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Hubble discovers concentration of small black holes at the heart of globular cluster NGC 6397

concentration-small-black-holes-ngc-6397

Astronomers on the hunt for an intermediate-mass black hole at the heart of the globular cluster NGC 6397, found something they weren’t expecting — a concentration of smaller black holes lurking there instead of one massive black hole.

Image credits: NASA, ESA, T. Brown, S. Casertano, and J. Anderson (STScI)

Reference:

"Does NGC 6397 contain an intermediate-mass black hole or a more diffuse inner subcluster?" – Eduardo Vitral, Garry A. Mamon – February 11, 2021 – Astronomy & Astrophysics – https://doi.org/10.1051/0004-6361/202039650

Abstract

We analyze proper motions from the Hubble Space Telescope (HST) and the second Gaia data release along with line-of-sight velocities from the MUSE spectrograph to detect imprints of an intermediate-mass black hole (IMBH) in the center of the nearby, core-collapsed, globular cluster NGC 6397. For this, we use the new MAMPOSST-PM Bayesian mass-modeling code, along with updated estimates of the surface density profile of NGC 6397. We consider different priors on velocity anisotropy and on the size of the central mass, and we also separate the stars into components of different mean mass to allow for mass segregation. The velocity ellipsoid is very isotropic throughout the cluster, as expected in post-core collapsed clusters subject to as strong a Galactic tidal field as NGC 6397. There is strong evidence for a central dark component of 0.8 to 2% of the total mass of the cluster. However, we find robust evidence disfavoring a central IMBH in NGC 6397, preferring instead a diffuse dark inner subcluster of unresolved objects with a total mass of 1000 to 2000 M⊙, half of which is concentrated within 6 arcsec (2% of the stellar effective radius). These results require the combination of HST and Gaia data: HST for the inner diagnostics and Gaia for the outer surface density and velocity anisotropy profiles. The small effective radius of the diffuse dark component suggests that it is composed of compact stars (white dwarfs and neutron stars) and stellar-mass black holes, whose inner locations are caused by dynamical friction given their high progenitor masses. We show that stellar-mass black holes should dominate the mass of this diffuse dark component, unless more than 25% escape from the cluster. Their mergers in the cores of core-collapsed globular clusters could be an important source of the gravitational wave events detected by LIGO.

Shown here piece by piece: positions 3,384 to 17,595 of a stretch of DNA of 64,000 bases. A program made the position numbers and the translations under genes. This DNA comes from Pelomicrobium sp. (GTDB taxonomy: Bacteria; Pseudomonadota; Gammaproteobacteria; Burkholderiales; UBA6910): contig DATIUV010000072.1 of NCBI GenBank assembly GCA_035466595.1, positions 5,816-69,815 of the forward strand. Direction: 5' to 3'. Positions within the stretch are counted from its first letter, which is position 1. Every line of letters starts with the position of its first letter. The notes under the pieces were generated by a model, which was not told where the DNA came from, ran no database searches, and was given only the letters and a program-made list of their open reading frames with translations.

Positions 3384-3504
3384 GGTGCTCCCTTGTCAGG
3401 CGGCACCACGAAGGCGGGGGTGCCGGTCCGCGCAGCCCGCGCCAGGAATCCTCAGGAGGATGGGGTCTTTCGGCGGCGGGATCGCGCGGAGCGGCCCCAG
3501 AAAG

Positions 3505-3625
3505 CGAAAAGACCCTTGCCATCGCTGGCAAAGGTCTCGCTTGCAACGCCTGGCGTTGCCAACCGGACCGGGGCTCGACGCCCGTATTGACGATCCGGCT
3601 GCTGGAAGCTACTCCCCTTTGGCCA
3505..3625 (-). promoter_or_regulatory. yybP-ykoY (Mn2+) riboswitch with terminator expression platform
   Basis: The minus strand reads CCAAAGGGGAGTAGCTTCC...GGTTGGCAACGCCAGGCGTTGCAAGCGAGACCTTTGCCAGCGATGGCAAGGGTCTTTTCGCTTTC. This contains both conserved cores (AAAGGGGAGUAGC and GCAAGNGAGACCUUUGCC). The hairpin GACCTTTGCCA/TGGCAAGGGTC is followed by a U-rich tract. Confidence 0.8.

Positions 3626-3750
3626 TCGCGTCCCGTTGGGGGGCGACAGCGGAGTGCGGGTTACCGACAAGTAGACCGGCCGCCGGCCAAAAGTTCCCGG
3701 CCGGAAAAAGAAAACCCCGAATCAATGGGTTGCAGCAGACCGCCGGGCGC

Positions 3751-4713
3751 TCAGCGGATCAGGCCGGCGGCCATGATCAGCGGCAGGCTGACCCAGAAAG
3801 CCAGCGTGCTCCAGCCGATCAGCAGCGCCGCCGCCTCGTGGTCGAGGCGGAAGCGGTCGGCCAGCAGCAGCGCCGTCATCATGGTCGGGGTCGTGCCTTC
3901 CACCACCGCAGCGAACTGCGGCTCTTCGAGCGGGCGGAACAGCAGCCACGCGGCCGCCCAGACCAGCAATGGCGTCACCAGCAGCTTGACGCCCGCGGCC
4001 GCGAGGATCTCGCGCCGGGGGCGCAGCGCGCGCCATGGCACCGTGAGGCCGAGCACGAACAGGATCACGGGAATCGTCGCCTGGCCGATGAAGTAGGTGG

Featured image credit: Hubble

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